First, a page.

Understanding the several popular denominations used in the Roman Empire is not very challenging.
Coins from various eras can be differentiated by their sizes or look, as will be covered here.
Similar to today, gold, silver, and copper or bronze were the primary metals.
However, it should be noted that this is a very difficult topic that causes many people headaches. The Romans experienced periods of recession, depression, and inflation, just as we do today (often more quickly than we do!).
As a result, during the lengthy history of the Empire, many sizes, metals, and values of coins were used.
The initials AV, AR, and AE, which are frequently encountered in a coin’s description or in a catalog, are the first to cause newcomers difficulty.
They only alludes to the metal utilized in the ways depicted in the table below. In another post you will find how much actually could buy with a Denarius. Find the post here
AV, AR and AE : Metal Designations
A bronze Antoninianus is what is meant by “AE Antoninianus” (often abbreviated to just AE Ant). A silver denarius is known as a “AR Denarius.”
Many beginning collectors begin with the ordinary bronze pieces from the fourth century, both the follis and AE grades, but eventually move on to the lovely silver and/or the huge copper/bronze pieces from the early third century AD and earlier.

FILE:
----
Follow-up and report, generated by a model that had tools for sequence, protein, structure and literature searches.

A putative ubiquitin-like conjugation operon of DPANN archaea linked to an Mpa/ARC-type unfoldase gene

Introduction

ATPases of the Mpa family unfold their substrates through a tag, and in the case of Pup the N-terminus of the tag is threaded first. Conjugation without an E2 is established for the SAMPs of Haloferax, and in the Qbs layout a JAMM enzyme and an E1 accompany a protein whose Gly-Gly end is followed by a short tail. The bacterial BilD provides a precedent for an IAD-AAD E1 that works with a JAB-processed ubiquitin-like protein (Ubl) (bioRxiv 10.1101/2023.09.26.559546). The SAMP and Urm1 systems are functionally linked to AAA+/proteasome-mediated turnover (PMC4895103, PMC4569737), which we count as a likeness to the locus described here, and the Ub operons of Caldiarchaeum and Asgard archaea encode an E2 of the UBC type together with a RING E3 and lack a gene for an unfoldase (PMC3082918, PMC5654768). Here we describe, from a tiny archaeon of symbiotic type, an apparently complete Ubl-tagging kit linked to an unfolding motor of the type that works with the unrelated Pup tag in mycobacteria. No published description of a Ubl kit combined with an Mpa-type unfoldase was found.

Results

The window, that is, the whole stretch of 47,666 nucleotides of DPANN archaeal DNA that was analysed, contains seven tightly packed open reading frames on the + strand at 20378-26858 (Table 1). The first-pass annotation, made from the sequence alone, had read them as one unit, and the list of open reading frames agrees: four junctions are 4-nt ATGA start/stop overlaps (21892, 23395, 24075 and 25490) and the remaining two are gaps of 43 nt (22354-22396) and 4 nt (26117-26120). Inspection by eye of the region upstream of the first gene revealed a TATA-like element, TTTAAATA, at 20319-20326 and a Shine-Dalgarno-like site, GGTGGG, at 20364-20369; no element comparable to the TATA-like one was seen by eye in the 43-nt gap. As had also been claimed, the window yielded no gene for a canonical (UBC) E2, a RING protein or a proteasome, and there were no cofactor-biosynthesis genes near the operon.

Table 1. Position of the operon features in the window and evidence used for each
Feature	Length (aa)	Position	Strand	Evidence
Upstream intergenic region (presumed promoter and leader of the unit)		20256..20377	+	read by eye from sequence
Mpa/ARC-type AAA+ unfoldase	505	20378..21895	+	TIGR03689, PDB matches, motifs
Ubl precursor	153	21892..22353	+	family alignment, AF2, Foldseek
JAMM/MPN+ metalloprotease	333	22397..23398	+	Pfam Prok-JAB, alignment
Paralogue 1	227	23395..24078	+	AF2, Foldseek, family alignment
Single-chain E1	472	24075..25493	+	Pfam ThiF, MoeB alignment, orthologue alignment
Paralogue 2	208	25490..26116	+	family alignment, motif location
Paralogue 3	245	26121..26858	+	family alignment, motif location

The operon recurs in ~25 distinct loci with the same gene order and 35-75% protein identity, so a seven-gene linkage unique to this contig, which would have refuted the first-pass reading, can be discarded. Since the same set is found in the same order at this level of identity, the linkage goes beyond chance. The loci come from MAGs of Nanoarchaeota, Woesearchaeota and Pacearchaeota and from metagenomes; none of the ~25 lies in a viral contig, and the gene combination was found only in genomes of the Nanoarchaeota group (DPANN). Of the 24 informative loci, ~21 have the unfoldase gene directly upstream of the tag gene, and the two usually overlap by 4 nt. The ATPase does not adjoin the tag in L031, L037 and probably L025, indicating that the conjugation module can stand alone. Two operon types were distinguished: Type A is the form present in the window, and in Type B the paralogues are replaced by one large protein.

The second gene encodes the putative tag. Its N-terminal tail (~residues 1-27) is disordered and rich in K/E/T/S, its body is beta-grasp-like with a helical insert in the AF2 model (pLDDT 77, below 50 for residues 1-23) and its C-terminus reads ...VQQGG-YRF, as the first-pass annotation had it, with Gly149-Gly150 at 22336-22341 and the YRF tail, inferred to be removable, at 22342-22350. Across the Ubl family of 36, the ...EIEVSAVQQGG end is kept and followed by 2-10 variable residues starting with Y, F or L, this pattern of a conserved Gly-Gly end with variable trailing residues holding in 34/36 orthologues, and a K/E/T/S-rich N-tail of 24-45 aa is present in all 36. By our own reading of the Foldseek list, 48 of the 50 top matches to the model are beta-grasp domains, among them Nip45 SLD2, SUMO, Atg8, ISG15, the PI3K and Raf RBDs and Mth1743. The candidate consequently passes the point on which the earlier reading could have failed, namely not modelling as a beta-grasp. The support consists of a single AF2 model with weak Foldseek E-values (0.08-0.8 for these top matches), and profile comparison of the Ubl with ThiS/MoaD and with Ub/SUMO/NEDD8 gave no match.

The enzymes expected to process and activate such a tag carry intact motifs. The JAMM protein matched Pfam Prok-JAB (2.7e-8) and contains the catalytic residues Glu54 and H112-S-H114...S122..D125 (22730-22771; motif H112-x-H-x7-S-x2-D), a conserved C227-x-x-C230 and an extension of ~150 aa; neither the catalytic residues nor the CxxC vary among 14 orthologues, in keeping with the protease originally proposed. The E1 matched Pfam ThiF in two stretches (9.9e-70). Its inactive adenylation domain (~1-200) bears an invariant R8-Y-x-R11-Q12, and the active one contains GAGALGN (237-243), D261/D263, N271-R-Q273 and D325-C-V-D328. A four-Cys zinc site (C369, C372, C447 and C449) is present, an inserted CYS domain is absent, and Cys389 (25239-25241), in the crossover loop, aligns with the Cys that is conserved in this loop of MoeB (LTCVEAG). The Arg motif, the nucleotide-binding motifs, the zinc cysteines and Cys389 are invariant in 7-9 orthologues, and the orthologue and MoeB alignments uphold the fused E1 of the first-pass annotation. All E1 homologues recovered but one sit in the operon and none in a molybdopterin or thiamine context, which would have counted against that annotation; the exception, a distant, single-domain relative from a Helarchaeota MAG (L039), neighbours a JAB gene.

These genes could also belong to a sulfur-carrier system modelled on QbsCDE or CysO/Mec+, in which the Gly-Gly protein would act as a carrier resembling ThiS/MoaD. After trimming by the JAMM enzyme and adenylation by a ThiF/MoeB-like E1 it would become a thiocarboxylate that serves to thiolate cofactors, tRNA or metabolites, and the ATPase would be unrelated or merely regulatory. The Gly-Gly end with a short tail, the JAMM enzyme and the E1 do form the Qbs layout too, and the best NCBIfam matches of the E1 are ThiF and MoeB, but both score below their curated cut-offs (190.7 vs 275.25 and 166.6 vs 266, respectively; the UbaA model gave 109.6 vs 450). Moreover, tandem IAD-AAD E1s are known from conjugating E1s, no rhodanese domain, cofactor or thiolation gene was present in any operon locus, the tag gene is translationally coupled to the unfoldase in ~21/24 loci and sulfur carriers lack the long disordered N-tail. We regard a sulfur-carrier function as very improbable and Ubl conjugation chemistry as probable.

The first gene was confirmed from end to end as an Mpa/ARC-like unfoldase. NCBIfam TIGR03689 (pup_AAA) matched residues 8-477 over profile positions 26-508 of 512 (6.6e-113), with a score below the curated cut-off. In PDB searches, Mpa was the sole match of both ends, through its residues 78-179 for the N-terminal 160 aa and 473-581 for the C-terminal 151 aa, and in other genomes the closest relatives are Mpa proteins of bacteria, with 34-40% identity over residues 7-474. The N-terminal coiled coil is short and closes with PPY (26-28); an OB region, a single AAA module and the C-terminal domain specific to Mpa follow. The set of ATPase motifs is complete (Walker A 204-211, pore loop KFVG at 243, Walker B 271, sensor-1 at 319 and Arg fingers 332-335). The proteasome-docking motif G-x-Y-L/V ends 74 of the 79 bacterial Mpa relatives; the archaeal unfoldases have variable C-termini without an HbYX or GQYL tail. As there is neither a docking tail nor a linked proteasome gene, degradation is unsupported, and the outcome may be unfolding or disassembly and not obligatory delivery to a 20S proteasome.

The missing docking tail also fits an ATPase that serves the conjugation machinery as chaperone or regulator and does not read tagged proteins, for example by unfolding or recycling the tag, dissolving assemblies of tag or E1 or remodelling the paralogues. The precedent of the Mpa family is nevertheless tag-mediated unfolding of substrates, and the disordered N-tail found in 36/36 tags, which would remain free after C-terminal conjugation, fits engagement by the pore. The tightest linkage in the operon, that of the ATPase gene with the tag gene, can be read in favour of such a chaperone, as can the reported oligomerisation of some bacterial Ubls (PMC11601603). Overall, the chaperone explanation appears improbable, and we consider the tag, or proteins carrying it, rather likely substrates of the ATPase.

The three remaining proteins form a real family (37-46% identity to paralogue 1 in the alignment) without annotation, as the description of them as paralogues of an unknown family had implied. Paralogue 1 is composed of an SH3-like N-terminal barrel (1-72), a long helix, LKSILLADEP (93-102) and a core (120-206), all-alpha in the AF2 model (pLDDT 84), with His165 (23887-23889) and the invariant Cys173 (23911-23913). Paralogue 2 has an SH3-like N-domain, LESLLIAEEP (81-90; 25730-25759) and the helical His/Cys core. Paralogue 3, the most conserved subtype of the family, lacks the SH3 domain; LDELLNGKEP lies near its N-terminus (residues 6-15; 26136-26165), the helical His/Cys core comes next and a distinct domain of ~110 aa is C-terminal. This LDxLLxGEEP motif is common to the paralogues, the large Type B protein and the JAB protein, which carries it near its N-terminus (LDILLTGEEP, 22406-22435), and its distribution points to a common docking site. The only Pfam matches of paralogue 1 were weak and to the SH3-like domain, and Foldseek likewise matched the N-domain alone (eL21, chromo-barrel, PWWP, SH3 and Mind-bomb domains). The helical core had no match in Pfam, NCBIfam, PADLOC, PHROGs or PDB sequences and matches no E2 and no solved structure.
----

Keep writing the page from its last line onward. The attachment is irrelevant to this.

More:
The most popular denominations, the metal from which they were crafted, and the approximate period of their most widespread use are mentioned in the table below.
Relative Coin Values
The table below illustrates how different coin denominations were related to one another from the time of the Empire until the start of the fourth century.
Although the values have varied throughout time, as can be seen from the descriptions below, this table will remain accurate for the most of the Empire’s history (some changes occurred during the period of the Republic).
Since As fractions are uncommon, they won’t be covered here.
|Aureus||25 silver denarii|
|Denarius||16 copper asses|
in Circulation c.300 AD
|Quinarius||8 copper asses|
in Circulation c.400 AD
|Bronze (silver wash)|
|Sestertius||4 copper asses|
|Dupondius||2 copper asses|